It was not given by any single person. No king, emperor, or magistrate could confer it. Nor could any body such as a parliament or senate confer the Grass Crown. This was an award given by the soldiers to their general. It was always awarded by acclamation. The award was given in recognition of visionary leadership that in a time of great crisis or trial enabled the army to be victorious.

The respect of one’s subordinates is the ultimate tribute to an inspirational leader. As we have said before, if you want to know about the effectiveness of leadership communication, ask those who are led.


It begins with the extreme complexity of most efforts in organizations. There are few tasks or projects in organizations today that can be completed by one person acting in isolation. The more important the task is, the more likely it is that it requires the cooperation of other departments to pull it off.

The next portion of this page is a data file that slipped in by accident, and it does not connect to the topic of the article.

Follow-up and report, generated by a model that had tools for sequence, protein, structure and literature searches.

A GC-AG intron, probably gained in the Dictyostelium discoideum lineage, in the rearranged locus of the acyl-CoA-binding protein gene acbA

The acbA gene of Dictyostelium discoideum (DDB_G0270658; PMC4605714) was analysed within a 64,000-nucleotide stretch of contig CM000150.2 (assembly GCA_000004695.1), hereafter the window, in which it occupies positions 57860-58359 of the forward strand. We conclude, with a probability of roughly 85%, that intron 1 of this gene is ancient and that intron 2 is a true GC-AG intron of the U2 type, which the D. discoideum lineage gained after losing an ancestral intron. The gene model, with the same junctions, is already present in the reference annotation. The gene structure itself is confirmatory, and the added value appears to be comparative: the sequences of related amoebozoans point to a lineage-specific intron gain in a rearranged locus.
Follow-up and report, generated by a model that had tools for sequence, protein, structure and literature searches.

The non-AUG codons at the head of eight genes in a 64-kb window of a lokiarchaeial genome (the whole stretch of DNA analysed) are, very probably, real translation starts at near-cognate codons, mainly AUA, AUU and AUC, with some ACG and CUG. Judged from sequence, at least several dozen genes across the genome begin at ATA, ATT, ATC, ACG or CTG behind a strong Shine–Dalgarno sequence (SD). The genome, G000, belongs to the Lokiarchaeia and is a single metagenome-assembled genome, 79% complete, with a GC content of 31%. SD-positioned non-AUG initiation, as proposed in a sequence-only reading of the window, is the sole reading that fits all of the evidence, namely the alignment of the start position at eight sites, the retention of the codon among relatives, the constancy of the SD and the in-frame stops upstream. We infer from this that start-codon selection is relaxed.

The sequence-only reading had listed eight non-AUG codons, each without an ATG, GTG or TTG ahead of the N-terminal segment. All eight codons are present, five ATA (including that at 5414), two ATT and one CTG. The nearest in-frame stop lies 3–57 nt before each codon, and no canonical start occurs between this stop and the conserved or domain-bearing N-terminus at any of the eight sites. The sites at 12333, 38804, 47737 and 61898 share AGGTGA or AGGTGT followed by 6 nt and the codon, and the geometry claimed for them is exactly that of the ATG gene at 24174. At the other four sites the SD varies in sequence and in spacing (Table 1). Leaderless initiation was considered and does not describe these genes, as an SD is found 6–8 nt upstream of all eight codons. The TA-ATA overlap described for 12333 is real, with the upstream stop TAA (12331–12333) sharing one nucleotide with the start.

Beyond that, from a front-line worker’s perspective, nothing is more wasteful than to have artificial boundaries in the organization based on different leadership traits definition of their turf. In ancient times, when princes were at odds with each other, but were conducting their covert personal battles in an overtly civil and dignified manner, the spear carriers who were loyal to each prince were on the battlefield killing each other. That phenomenon lives on inside modern organizations, where you see the subordinates of one executive working to outsmart and outflank their colleagues who report to another executive with whom their boss is at war. This is when statements like, “Don’t talk to them,” or “Don’t give them anything that isn’t absolutely necessary” get made. Sometimes this happens between competing divisions, such as Latin America versus Europe. Other times it happens between functional areas, such as when operations and sales are at odds with each other. Conflicts between the home office and the field are classic. In each case, it is the people at the lower levels who pay the high price.